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22gigantes.com - The first edition of Unequal Democracy was an instant classic, shattering illusions about American democracy and spurring scholarly and popular interest in the political causes and consequences of escalating economic inequality.This revised and expanded edition includes two new chapters on the political economy of the Obama era. One presents the Great Recession as a “stress test” of the American political system by analyzing the 2008 election and the impact of Barack Obama’s “New New Deal” on the economic fortunes of the rich, middle class, and poor. The other assesses the politics of inequality in the wake of the Occupy Wall Street movement, the 2012 election, and the partisan gridlock of Obama’s second term. Larry Bartels offers a sobering account of the barriers to change posed by partisan ideologies and the political power of the wealthy. He also provides new analyses of tax policy, partisan differences in economic performance, the struggle to raise the minimum wage, and inequalities in congressional representation.President Obama identified inequality as “the defining challenge of our time.” Unequal Democracy is the definitive account of how and why our political system has failed to rise to that challenge. Now more than ever, this is a book every American needs to read.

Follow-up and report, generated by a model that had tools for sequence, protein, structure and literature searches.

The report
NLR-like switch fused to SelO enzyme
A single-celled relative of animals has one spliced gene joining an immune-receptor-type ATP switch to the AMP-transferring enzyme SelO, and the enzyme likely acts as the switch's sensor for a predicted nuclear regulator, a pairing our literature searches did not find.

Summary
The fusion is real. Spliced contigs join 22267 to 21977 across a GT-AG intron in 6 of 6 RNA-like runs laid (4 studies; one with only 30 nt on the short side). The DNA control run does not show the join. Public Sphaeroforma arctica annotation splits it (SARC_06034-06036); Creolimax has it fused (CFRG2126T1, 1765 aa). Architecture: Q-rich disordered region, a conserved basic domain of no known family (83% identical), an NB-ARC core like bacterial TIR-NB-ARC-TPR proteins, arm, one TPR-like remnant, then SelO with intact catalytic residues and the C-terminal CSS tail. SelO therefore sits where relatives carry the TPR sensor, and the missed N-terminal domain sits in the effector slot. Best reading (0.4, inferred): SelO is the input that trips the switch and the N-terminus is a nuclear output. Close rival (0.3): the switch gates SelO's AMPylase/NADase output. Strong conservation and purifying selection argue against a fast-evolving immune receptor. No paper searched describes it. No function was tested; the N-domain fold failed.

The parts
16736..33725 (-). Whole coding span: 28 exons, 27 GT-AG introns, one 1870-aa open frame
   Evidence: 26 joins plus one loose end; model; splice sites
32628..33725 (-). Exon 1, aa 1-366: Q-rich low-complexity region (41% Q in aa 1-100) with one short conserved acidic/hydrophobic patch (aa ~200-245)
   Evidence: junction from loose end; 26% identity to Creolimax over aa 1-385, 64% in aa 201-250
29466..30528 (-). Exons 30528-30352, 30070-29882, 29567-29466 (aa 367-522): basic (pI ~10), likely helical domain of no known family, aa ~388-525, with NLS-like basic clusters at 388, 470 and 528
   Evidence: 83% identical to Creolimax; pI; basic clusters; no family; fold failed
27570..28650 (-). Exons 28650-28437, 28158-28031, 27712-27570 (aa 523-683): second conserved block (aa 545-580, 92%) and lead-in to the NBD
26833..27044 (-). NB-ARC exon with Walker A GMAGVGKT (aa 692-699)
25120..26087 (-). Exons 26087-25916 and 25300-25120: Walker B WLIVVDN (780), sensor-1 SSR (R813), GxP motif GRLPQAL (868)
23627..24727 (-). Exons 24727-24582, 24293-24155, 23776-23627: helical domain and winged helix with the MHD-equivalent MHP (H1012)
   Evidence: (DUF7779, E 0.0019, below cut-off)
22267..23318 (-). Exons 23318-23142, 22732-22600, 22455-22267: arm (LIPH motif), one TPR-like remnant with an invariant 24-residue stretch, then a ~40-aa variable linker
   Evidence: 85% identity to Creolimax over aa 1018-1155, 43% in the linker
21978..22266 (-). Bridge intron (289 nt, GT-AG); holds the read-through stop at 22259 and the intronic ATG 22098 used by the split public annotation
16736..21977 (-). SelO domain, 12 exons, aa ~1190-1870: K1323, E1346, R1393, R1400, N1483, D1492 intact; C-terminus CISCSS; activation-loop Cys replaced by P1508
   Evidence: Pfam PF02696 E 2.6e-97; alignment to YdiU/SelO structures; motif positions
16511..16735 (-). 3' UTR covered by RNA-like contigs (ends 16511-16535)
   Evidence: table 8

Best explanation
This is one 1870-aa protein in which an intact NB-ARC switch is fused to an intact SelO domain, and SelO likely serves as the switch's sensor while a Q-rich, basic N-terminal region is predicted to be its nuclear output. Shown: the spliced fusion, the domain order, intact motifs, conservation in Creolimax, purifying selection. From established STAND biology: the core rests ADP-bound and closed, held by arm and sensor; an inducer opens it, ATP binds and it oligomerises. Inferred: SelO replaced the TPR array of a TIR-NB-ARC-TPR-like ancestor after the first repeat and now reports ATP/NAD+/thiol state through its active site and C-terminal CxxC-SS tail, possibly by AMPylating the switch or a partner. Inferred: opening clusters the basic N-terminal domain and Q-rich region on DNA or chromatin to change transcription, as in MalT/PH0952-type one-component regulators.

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Winner of the 2009 Gladys M. Kammerer Award, American Political Science AssociationWinner of the 2009 Leon D. Epstein Outstanding Book Award, Political Organizations and Parties Section of the American Political Science Association"[I recommend] Larry M. Bartels's Unequal Democracy. Especially at this time every thoughtful American needs to learn as much as possible about the relationship of politics to economics."--Bill Clinton, Daily Beast"Obama can connect with voters on the economy by using history as a guideline. He should start by reading Unequal Democracy, by Princeton academic Larry Bartels. The non-partisan and non-political Bartels points out devastatingly after an exhaustive study of Democratic and Republican presidents that the Democrats built a better economy and a more just society."--James Carville, CNN"Many Americans know that there are characteristic policy differences between the [Republican and Democratic] parties. But few are aware of two important facts about the post-World War II era, both of which are brilliantly delineated in a new book, Unequal Democracy, by Larry M. Bartels, a professor of political science at Princeton. Understanding them might help voters see what could be at stake, economically speaking, in November."--Alan Blinder, New York Times"Bartels is the political scientist of the moment. Along with Obama, Bill Clinton also read and recommends Unequal Democracy. [M]ost people on the street could have told Bartels that the working poor fare better under Democrats . . . but the importance of these and some other findings in the book . . . is that they use scholarly methods to provide political explanations for economic problems."--Michael Tomasky, New York of Books"A provocative new book by Princeton professor Larry M. Bartels, one of the country's leading political scientists."--Dan Balz, Washington Post"A short review cannot convey the rich variety of arguments and data Bartels deploys in making his case. Some of his analysis focuses on broadly characterized partisan differences, some on high profile examples such as the politics of the minimum wage and the estate tax. He will have done a considerable service if the next time we start thinking about economics we also think about politics. Bartels shows that social issues do not create as strong a headwind against class-based voting as is often assumed and that lower income voters do tend to vote Democratic while upper-income voters do tend to vote Republican. Unequal Democracy offers an important case for why this might be."--Robert Grafstein, Science"[A] provocative new book by Princeton professor Larry M. Bartels, one of the country's leading political scientists. One of Bartels's most intriguing conclusions is that the political timing of economic growth has influenced voters. Republican presidents...have often generated significant economic growth rates in presidential election years, while Democratic presidents have not."--Dan Balz, Washington Post"[E]xtraordinarily insightful."--Bob Braun, Newark Star-Ledger"Unequal Democracy makes the choice voters face clear: Democratic policies spread the wealth and Republican policies protect the wealthy."--Julian E. Zelizer, The Huffington Post"[Bartels] is correct in drawing attention to the tension between the egalitarian values that Americans hold and their apparent toleration for growing economic inequality. And at every step of the argument, he defines and analyzes interesting and relevant evidence."--Richard R. John, Forum"Prodigiously researched and cogently argued, Bartels's timely work should interest academics and lay readers alike."--Blake A. Ellis, Journal of Southern History"The book is exemplary throughout in its transparency with regard to the data and Bartels's analytic strategy for using them, in its attention to alternative explanations for a given outcome, and in its balance between not over-reaching and asserting a clear, controversial, and important thesis. . . . Full of evidence, insights, and surprises. . . . The book is never less than provocative and is often revelatory."--Jennifer Hochschild, Perspectives on Politics"For a book targeted at both academic and nonacademic audiences, Bartels strikes a nice balance between exhaustive empirical rigor and accessibility. . . . Bartels gives us a wide-ranging framework for thinking about the ways that citizens interact with the political system, and in so doing maps an agenda for the next generation of research on American democracy in action."--Nicholas J. G. Winter, Public Opinion Quarterly"Larry Bartels's Unequal Democracy is a major landmark in political scientists' efforts to grapple with inequality. . . . Bartels has done so much, and has done it so well, that anyone who quibbles with his interpretations or suggests that he has left important questions unanswered is likely to seem ungenerous, even churlish. . . . Unequal Democracy should be taken as a major contribution and as a touchstone for further research."--Benjamin I. Page, Perspectives on PoliticsPraise for the first edition: "[I recommend] Larry M. Bartels's Unequal Democracy. Especially at this time every thoughtful American needs to learn as much as possible about the relationship of politics to economics."--Bill Clinton, Daily BeastPraise for the first edition: "The non-partisan and non-political Bartels points out devastatingly after an exhaustive study of Democratic and Republican presidents that the Democrats built a better economy and a more just society."--James Carville, CNNPraise for the first edition: "Provocative."--Dan Balz, Washington PostPraise for the first edition: "Unequal Democracy is the sort of book to which every political scientist should aspire. . . . Bartels's perplexing and often unexpected discoveries should help refocus the gathering public debate about inequality and what to do about it."--Robert D. Putnam, author of Bowling Alone From the Back Cover "Unequal Democracy is the sort of book to which every political scientist should aspire--it is methodologically rigorous, conceptually serious, and above all, it addresses urgent concerns of our fellow citizens. As Bartels shows, much of what we think we know about the politics of economic inequality is dead wrong. Bartels's perplexing and often unexpected discoveries should help refocus the gathering public debate about inequality and what to do about it."--Robert D. Putnam, author of Bowling Alone"This is a fantastic book, a real tour de force. It is a hugely important study of increasing economic inequality in America and the failure of the political system to mitigate its effects on poor citizens. It is the best work that has been done on the political economy of income inequality."--Thomas Mann, Brookings Institution"Unequal Democracy completes the story of why America's wealthy have become superrich. As Larry Bartels, one of the nation's top political scientists, convincingly demonstrates, the rich get richer when the Republicans are in power and when the less affluent fail to vote. This book is essential reading for anyone who wants answers to why so many of America's working- and middle-class families are struggling to get by."--Thomas E. Patterson, Harvard University"Economists tend to see economic inequality as the unhappy but unavoidable result of markets--working-class people have to become relatively poorer because they are competing in a globalized world. This book suggests that economists are wrong and that the growing inequality in America is not the product of world forces but of Republican administrations during which income grows more slowly, inequality soars, and no one notices because they pump up the economy during election years. Low-income people have very little influence but which party is in power makes a vast difference for their fate. If you care about economic justice, you need to seriously examine the powerful data in this book and recognize that we can choose a better, fairer society."--Gary Orfield, University of California, Los Angeles"No political scientist is more widely or rightly respected than Larry Bartels, and Unequal Democracy is a brilliant book that only he could have written. The book proves beyond a reasonable doubt that the main fault for sizable socioeconomic inequalities in America lies not in our economy but in our increasingly polarized and partisan politics. With intellectual force, Unequal Democracy pulls back the sheets on Washington's pamper-the-rich policy process and offers ideas about how we can do better by average citizens and the poor. It is Bartels at his very best, and his very best is the best there is."--John J. DiIulio, Jr., University of Pennsylvania, former director of the White House Office of Faith-Based and Community Initiatives About the Author Larry M. Bartels holds the May Werthan Shayne Chair of Public Policy and Social Science at Vanderbilt University. His books include Democracy for Realists: Why Elections Do Not Produce Responsive Government (with Christopher H. Achen) and Presidential Primaries and the Dynamics of Public Choice (both Princeton). He is a trustee of the Russell Sage Foundation, a fellow of the American Academy of Political and Social Science, and a member of the American Academy of Arts and Sciences and the National Academy of Sciences.